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Mission Statement

The faculty of the Department of Communication share Youngstown State University’s mission to maintain high standards in teaching, research, and service.  To this end, faculty members are productive scholars in the discipline, staying abreast of technological and theoretical developments. These advancements are brought into the classroom to foster students’ ability to communicate competently using traditional and mediated channels. Students are introduced to the most recent and relevant communication theory, research, and technological skills through practical activities in mediated, interpersonal, public, and professional contexts that serve students’ long-term goals, promote the university, and serve the larger Youngstown community.

Department Overview

The Department of Communication houses three Bachelor of Arts (B.A.) degree programs and one Master of Arts (M.A.) degree program. The B.A. programs include Communication Studies, Journalism, and Telecommunication Studies. The M.A. in Professional Communication is a multidisciplinary graduate program with courses in communication, marketing, and professional and technical writing.

In addition to completing general education and major courses within specific programs, students are required to complete a minor. B.A. degrees can be earned in four years (eight semesters) if a student averages 15 to 16 hours per semester, and in three years (six semesters) if a student averages 18 to 21 hours per semester. The M.A. degree can be earned in three or four semesters.

Department of Communication students find many outlets to build on the skills they learn in and out of the classroom. For example, Lambda Pi Eta, a communication honorary organization, recognizes our outstanding students and provides opportunities for greater involvement and leadership. Opportunities for active involvement in media production and programming exist with YSU Athletics (NCAA D1 sports productions), Penguin Rundown (weekly sports web show), The Jambar (YSU's student newspaper), Light the Wick (arts-based web show), and Rookery Radio (YSU’s first-ever, internet-only, student-run radio station).

Our full- and part-time faculty are more than teachers and professors. They are mentors and motivators. Many come with experience from various communication- and media-related industries (e.g., Cleveland Plain Dealer, ESPN, WHOT 101 FM, WFMJ, WKBN, WYTV, NewsRadio 570AM, The Vindicator, etc.). They are active scholars engaged in their disciplines. Most of our faculty have interest in the study of mass media and new media, but other research interests include argumentation and rhetoric, group and organizational communication, interpersonal and intercultural communication.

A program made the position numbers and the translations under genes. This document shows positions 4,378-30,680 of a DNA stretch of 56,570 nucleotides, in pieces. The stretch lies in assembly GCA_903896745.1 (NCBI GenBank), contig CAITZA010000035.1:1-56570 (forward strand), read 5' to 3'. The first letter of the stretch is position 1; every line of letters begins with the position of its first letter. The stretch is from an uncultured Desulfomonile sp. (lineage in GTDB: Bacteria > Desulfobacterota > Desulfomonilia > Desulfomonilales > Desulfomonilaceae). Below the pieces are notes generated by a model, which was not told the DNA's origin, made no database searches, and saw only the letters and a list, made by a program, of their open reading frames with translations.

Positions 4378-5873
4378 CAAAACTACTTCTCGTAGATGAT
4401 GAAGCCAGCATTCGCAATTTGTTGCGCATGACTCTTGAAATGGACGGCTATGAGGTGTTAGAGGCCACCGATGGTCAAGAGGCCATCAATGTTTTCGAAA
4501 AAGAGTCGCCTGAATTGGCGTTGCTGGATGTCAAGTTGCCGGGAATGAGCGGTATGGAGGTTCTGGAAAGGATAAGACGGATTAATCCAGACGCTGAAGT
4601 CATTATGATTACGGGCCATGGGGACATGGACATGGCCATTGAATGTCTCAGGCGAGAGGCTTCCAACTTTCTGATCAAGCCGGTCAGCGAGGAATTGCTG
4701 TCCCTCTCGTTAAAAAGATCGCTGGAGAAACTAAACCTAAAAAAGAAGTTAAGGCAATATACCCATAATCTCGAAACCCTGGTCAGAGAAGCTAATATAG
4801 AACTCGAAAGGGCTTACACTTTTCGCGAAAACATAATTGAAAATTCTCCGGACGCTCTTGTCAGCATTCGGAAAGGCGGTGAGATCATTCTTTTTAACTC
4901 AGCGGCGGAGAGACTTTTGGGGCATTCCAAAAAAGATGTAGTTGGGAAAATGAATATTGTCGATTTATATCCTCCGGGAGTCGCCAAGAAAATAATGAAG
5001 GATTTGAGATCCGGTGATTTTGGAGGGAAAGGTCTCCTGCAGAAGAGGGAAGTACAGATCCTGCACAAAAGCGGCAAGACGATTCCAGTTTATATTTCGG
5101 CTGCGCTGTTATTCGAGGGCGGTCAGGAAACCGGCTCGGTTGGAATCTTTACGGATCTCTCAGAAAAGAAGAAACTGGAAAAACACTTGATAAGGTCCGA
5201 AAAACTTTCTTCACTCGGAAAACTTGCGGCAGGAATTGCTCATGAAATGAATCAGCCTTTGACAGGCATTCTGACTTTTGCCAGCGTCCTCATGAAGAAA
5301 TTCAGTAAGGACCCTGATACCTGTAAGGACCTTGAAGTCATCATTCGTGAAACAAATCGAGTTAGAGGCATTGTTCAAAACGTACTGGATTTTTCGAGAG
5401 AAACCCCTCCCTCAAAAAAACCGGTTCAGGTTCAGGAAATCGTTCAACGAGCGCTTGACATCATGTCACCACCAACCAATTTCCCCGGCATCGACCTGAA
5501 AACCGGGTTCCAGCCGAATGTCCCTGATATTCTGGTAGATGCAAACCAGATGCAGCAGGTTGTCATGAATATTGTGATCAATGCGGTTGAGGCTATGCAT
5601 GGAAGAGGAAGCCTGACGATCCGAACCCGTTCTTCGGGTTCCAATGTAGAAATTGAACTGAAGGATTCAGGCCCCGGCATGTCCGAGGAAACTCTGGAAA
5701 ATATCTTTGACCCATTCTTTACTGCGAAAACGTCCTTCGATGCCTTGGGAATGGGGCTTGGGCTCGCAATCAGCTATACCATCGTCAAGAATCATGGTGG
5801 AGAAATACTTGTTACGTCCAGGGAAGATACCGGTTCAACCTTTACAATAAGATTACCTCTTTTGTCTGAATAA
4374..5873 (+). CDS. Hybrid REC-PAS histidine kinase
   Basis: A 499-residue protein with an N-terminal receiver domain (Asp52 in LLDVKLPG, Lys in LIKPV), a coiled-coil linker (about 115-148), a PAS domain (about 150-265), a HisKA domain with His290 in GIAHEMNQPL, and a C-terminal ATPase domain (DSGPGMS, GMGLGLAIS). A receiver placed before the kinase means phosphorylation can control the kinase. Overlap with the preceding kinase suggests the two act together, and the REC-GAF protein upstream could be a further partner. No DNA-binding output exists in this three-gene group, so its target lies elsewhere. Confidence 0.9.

The department's home office is located in Bliss Hall within the College of Creative Arts & Communication. Here, you will find a medium-sized department (a little more than 350 students) with a warm and cheerful environment that puts students first. Our facilities include smart classrooms, audio and video labs, journalism labs, and an full-HD television studio.

For more information about the department, including meeting with a faculty member who will help you prepare for the future, contact the department office at (330) 941-3631, or email our department administrative assistant, Ms. Debbie Yiannaki, at dayiannaki@ysu.edu. The department office is located in Bliss Hall, Room 2000.

Programs

Communication Studies, B.A.

Courses in this B.A. degree program provide students with the necessary communication skills for an evolving global marketplace and future career demands. The Communication Studies program deals, in part, with people in conversations in settings that are usually face-to-face, but that are increasingly becoming mediated (such as computer-mediated). Public speaking, media and public relations, persuasion, conflict management, social media, and gender communication are some of the areas students examine in this major. Courses touch on a wide variety of areas including social and political movements, the process of legislation, or new media communication.

Program Tracks

Communication Studies courses address the universal emphasis placed on effective, competent communication skills by employers and recruiters. The core curriculum of 18 credit hours includes courses covering these communication skills. The curriculum is then divided into four unique tracks to better prepare students for a particular career. Each of the tracks is described below. The overriding goal of each track is to challenge each student to explore and apply the many forms of communication:

  • Human resources or management careers in profit or nonprofit organizations, or those looking for a general, all-encompassing communication degree, should consider the interpersonal/organizational track.
  • A career path in media management, media criticism, or public relations and advertising should choose the media track.